Perhaps unsurprisingly, new PitchBook data found that U.S. companies with all female founders are raising less capital this year than the last amid current economic woes.
Last year, women raised around 2.4% of all venture capital allocated, a figure that stands at 1.9% through Q3 of this year. That number becomes even lower and even worse if we factor race into account. When the overall number for all-female teams was 2.4% last year, Black and Latinx women hovered around 0.05% each, while Indigenous Americans raised approximately 0.004% of known capital in the United States, according to Crunchbase.
It has long been a worry that, as the venture market slows, the most marginalized groups would be pushed aside as investors retreat to old networks and deals that feel most familiar to them from the founders they don’t hesitate to trust. The direct line between the venture haves and have-nots has always been stark, but there is some good news on the front.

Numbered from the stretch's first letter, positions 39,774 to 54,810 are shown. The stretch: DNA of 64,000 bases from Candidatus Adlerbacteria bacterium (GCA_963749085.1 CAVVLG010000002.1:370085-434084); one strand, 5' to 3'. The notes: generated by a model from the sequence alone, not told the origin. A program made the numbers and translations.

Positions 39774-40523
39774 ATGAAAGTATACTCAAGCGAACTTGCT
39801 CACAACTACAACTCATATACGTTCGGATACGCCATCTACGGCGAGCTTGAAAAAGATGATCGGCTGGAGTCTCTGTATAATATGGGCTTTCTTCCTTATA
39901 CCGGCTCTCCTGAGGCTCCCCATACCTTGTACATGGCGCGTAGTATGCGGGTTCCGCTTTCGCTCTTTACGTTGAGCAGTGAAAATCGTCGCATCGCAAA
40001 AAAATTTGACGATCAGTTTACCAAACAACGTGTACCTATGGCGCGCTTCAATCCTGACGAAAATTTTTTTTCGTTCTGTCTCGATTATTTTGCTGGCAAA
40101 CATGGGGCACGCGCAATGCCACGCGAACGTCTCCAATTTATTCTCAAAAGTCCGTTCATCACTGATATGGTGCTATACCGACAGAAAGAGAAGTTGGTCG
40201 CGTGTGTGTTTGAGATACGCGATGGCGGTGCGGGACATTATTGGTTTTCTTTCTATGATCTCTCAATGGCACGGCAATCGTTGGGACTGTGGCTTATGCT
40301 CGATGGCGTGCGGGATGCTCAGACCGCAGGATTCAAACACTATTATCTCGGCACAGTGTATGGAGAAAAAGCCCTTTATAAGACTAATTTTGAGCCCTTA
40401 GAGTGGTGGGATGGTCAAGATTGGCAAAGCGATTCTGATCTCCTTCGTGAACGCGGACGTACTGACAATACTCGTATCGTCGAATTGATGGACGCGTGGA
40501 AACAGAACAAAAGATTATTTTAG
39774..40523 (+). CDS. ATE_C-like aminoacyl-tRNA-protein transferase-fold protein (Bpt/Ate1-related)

Year-to-date capital invested in all-female-founded companies in the United States is slightly higher than what was disbursed in all of 2020. (Last year was a record-breaking year, and given the current market conditions, it’s not shocking that present-day numbers are meager in comparison). All-female teams raised $3.6 billion (out of a total U.S. figure of $194.9 billion) across 742 deals so far this year. In all of 2020, all-female teams raised $3.3 billion (out of $168.7 billion) across 771 deals. It’s clear that 2021 was an outlier: all-female teams raised $8 billion across 1,132 deals.
“There is no logical justification for why female founders should be impacted any more so than any other founder category, be it in a bear or bull market.” Pippa Lamb of Sweet Capital
It’s jarring to note the difference between deal counts and the amount of money raised when the founding teams are mixed gender rather than all-female. Compared to $3.6 billion worth of deals all-female teams closed this year, teams with at least one male co-founder raised $32.4 billion in 2,811 deals. So far, mixed-gender teams have also been able to secure the same percentage of capital they raised last year, around 17%.